As in other years, many of these outbreaks involved unvaccinated children and adults. One case involved a child at the Yuba River Charter School in California, a Waldorf School with very high rates of unvaccinated children.
2015 Measles Outbreaks
With a large outbreak in California, 2015 got off to a very strong start.
Most concerning, more and more, cases don’t seem to have an source that is easy to find, which could mean that the endemic spread of measles has returned in the United States. So instead of having to travel out of the country or be exposed to someone who got measles with a link to international travel, you could get measles just by going to a ball game, a movie theater, or to Disneyland. That makes it more important than ever to learn how to avoid measles.
Among the 189 measles cases and outbreaks in 2015 were:
113 cases that were associated with a multi-state outbreak that was linked to Disneyland in California. Before it was declared over on April 17, a few unvaccinated travelers also help spread measles from this outbreak to large outbreak in Quebec, Canada. All in all, the outbreak was linked to at least 113 cases in California and an additional 169 cases in Arizona (5), Nebraska (1), Utah (3), Colorado (1), Washington (2), Oregon (1), Mexico (1), and Canada (155).
13 cases, including an adult worker and 12 infants too young to be vaccinated at the KinderCare Learning Center in Illinois.
At least 13 cases, all intentionally unvaccinated, in a South Dakota outbreak that started with an unvaccinated adult traveling to India.
Five cases in Clallam County, Washington, including four who were not vaccinated, which cost at least $36,000 to contain and led to the death of an immunosuppressed woman.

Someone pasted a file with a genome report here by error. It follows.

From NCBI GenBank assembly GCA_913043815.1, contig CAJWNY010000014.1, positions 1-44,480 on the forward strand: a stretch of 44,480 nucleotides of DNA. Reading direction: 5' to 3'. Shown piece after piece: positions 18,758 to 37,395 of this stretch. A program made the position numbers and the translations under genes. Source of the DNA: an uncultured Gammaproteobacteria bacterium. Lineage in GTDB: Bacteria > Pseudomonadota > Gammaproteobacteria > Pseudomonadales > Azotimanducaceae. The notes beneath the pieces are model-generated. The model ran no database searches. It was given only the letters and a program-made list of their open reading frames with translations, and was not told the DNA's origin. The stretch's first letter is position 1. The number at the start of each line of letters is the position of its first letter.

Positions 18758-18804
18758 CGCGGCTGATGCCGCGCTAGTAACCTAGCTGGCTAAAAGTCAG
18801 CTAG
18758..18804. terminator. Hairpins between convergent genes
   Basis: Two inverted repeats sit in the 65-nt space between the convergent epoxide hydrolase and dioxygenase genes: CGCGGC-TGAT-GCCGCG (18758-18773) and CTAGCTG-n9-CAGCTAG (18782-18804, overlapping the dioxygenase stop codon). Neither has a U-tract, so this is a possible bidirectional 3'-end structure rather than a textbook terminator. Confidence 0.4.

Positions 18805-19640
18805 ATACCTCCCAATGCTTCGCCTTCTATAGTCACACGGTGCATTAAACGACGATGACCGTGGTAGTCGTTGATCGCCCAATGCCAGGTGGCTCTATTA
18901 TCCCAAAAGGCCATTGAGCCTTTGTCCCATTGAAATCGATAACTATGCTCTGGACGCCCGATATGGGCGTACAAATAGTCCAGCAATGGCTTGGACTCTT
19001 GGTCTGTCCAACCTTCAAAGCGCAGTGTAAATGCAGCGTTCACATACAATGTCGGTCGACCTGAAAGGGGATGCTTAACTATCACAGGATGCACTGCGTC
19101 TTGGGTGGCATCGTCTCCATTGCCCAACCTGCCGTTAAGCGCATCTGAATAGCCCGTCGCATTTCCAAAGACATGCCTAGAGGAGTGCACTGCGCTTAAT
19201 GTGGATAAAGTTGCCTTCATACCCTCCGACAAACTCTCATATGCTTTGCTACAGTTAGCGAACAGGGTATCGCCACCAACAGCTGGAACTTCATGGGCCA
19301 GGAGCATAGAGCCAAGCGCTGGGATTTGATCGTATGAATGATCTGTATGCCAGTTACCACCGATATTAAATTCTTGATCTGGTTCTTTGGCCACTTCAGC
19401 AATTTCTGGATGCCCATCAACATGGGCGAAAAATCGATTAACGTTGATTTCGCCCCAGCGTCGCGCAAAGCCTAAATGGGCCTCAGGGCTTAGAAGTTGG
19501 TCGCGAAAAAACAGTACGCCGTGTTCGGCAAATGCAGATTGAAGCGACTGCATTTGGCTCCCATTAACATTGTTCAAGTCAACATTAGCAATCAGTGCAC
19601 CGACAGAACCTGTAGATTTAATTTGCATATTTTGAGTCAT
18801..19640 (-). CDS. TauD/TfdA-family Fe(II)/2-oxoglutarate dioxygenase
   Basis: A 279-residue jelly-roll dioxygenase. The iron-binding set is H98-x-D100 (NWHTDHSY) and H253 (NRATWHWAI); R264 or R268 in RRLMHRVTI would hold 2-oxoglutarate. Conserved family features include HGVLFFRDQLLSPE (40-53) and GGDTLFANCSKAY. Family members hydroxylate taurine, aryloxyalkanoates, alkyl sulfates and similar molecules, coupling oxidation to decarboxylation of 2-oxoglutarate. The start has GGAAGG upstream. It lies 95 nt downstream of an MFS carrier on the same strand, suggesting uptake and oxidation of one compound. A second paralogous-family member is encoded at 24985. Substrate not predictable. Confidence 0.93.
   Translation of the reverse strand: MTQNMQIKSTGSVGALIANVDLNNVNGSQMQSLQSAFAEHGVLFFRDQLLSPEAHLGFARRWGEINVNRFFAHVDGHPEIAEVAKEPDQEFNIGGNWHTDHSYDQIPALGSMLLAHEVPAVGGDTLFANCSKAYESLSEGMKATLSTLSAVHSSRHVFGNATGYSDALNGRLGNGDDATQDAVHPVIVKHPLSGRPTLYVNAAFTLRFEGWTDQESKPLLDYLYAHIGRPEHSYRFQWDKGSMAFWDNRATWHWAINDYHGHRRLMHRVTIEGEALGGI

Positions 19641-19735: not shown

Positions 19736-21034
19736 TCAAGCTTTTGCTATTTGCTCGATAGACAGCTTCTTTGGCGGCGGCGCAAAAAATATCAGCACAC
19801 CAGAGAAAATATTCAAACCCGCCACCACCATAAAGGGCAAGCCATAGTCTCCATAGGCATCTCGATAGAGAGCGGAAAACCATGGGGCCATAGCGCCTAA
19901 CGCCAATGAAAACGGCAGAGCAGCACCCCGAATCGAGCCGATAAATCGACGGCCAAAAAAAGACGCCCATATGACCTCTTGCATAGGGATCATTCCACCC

In addition to these large outbreaks, 2015 also saw a number of quarantines for unvaccinated students, closing of daycare centers, and a recommendation from a California Department of Health state epidemiologist that people who are not vaccinated against measles “avoid visiting Disney” and “crowded places with a high concentration of international travelers, such as airports.”
Other measles cases in 2015 include:
A student at UC Berkeley who may have exposed others to measles on a public bus.
A confirmed case in Fairbanks, Alaska – their first case in 15 years, who flew in from Seattle (and is probably the King County case discussed below) and may have exposed others at an area Walmart, Home Depot, Walgreens, several supermarkets, the airport, and hospital, etc.
A confirmed case in King County, Washington, who may have exposed others in Seattle, including at an area McDonalds, the Baroness Hotel, a drug store, and the Sea-Tac Airport.
A confirmed case in Branson, Missouri, a traveler from Asia, who was contagious when visiting the ER, three local businesses, and perhaps his flight to town.
A confirmed case in the Washington D.C. area.
Another case of measles in Spokane County, Washington – an unvaccinated person that was exposed to the other case in the area.
An unvaccinated student from Europe in Boston, Massachusetts who also traveled to Maine and New Hampshire.
Another unvaccinated child in St. Lucie County, Florida – bringing the total to five cases in central Florida in what so far looks like two separate outbreaks.
Another case in Indian River County, Florida – an unvaccinated child.
An unvaccinated adult in Spokane, Washington – the first case in the area since 1994.
Two unvaccinated adults in Indian River County, Florida, one of whom contracted measles while traveling out of the country.
An unvaccinated 6-year-old in St. Lucie County, Florida who attended Fairlawn Elementary School in Fort Pierce – leading to five unvaccinated students being kept out of school until early May.
The first case in Oklahoma since 1997, a case in Stillwater.
A case in Florida, a traveler who was contagious while attending a conference at the Gaylord Palms Resort and Convention Center and also in Maimi-Dade, Orange, and Sarasota counties.
A new case in Illinois, the 15th – and so far not linked to the other two outbreaks in the state.